The Purple Pinup Guru Platform

When purple things are pulsating on your mind, I'm the one whose clock you want to clean. Aiding is Sparky, the Astral Plane Zen Pup Dog from his mountain stronghold on the Northernmost Island of the Happy Ninja Island chain, this blog will also act as a journal to my wacky antics at an entertainment company and the progress of my self published comic book, The Deposit Man which only appears when I damn well feel like it. Real Soon Now.

Wednesday, August 31, 2005


The PP Guru is still chugging along with his personal Yes studio album memoirs, and we're currently up to the eighth release of Going for the One.

Notice anything different?

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There's a man's bare ass on the cover. C'mon, what else?

That's right, class. Roger Dean did not provide the cover this time around - Hipgnosis did, a British design group formed in 1968 who were a trio who included Aubrey Powell, Peter Christopherson and Storm Thorgerson specialized in making great cover art for Rock albums including many sleeves for Pink Floyd .

Going for the One was initially released on 7/7/77 - the very same day as Styx's landmark album of the Grand Illusion. Prior to this release, Yes was extremely swamped in doing two executive tours behind the last Relayer album, then after each member of the band took a little sabbatical to record a solo album to be released roughly the same time in the summer of 1976 (something that Kiss would mimic later on in their career). Alan White explored calypso and reggae on Ramshackled, Steve Howe went classical and jazz on Beginnings, Patrick Moraz explored South American rhythms while trying to tell us the Story of I, Jon Anderson expanded further on the themes based on Roger Dean's paintings on the Fragile and Close to the Edge album cover on his Olias of Sunhillow outing, and Chris Squire weaved his bass guitar gymnastics through orchestral chamber music on his much acclaimed Fish Out of Water, (with instrumental contributions by Moraz and Bill Bruford).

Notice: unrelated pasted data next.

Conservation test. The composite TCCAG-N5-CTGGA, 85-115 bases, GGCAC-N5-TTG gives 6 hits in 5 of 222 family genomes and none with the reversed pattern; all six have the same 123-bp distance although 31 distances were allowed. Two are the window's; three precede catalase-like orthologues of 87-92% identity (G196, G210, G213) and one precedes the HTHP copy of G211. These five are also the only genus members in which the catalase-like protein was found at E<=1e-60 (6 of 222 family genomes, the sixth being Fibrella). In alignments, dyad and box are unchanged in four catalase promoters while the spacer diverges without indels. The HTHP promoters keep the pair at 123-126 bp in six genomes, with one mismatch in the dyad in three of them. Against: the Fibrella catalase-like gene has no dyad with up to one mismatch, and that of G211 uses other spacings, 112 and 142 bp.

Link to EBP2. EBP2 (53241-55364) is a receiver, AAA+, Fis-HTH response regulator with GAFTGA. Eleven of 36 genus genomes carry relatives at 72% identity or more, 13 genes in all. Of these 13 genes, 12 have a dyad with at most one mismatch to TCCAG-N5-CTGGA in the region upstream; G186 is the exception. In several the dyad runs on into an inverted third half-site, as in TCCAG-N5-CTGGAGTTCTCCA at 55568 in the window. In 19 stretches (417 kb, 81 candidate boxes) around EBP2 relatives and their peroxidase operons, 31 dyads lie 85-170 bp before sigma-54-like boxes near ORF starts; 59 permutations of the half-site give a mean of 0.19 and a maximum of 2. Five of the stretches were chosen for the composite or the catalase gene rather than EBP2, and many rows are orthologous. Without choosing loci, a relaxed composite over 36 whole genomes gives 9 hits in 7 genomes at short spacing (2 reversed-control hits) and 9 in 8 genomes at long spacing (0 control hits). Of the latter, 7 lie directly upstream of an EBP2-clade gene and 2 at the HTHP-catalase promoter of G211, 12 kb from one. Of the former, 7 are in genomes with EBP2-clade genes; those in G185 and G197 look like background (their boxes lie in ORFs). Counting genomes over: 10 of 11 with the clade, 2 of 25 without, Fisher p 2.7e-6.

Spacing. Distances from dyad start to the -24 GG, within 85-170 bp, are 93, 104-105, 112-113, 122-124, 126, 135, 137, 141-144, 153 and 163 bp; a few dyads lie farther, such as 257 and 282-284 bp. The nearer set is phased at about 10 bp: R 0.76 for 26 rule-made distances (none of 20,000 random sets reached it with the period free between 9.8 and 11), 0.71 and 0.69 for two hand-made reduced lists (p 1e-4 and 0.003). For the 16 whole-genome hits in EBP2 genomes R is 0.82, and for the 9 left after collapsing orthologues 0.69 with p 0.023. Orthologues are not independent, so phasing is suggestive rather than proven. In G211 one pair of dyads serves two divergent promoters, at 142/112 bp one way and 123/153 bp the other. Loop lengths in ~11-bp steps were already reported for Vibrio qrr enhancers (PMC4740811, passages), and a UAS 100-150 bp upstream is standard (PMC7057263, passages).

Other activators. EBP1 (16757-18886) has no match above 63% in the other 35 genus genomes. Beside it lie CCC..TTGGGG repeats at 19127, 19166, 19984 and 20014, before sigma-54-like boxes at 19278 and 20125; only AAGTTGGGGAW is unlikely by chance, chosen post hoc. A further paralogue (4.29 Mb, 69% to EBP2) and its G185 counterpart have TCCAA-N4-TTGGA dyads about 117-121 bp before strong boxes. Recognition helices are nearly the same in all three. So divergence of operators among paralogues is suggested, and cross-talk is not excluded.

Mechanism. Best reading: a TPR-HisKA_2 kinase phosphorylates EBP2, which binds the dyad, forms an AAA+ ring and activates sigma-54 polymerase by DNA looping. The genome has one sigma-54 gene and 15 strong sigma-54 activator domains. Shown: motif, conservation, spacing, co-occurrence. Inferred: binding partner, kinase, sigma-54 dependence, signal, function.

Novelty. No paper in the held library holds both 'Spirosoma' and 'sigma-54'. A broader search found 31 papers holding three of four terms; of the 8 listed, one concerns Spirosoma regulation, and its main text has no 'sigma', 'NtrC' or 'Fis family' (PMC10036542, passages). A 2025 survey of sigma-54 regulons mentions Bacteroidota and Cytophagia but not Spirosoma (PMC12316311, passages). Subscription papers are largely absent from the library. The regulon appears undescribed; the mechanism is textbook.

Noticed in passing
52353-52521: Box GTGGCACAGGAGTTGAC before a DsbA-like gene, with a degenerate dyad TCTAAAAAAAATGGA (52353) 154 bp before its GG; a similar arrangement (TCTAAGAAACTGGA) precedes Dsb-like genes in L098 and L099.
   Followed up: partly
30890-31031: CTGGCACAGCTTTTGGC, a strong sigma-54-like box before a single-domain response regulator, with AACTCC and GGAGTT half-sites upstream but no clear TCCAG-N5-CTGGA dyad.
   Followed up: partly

Yes were getting so big that they begin to start selling out arenas and baseball stadiums- reaching the plateau of headlining a sold out bill at the Jersey Stadium in Roosevelt, N.J, a bill that also included Peter Frampton and the Eagles as supporting acts. People were more geared up to see the Martyn Dean designed stagecraft and the laser light shows that could be seen as far away as the World Trade Center in New York rather than a frizzy haired pop star who's waste of talent was reduced to playing with wah wah pedals on his guitar. The stretching of lights to a sea of skyscrapers was an image that served as an harbinger to what the overall theme of the next album should be.

After further rest and searching for a tax relief amid the advance of punk rock and Elvis Presley come back tours making prog life miserable, Patrick Moraz offered his country of Switzerland as a place for a retreat to record some demos. So the band booked passage and set up shop (forgetting to pack Eddie Offord in his carrying case) at Mountain Studios in Montreux for sking and drinking or anything else that served up as inspiration. Eventually, this idea would begin to back fire on the Swiss poodle Spaceman, due to lingusitic difficulties and a bit of ego acne flare-ups, Moraz somewhat managed to get himself fired after making contributions to four out of the five new tracks ( on the remastered edition released by Rhino Records a couple of years back - the somber Turn of the Century track was once upbeated by a recurring Squire/Moraz jamming riff borrowed loosely from a song called Silently Falling, which appeared on Squire's solo album) with Maestro Jon A penning the album's only hit single, Wonderous Stories which will be the first of many future Yes tunes to paying ode to that world famous peyote pirate, Carlos Castaneda. Moraz went on to have a sucessful twelve year stint with the Moody Blues and was single handly responsible for reshaping their overall sound, landing their first ever collaboration together, Long Distance Voyager to the top of the world's charts in 1981. Eventually they gave him the shaft too.

So maybe now Vangelis was rethinking that offer to join the Yes Camp?

Not quite - for the door was now opened to welcome back that curryaholic capeman himself, Rick Wakeman to the fold - but logistically only as a session player.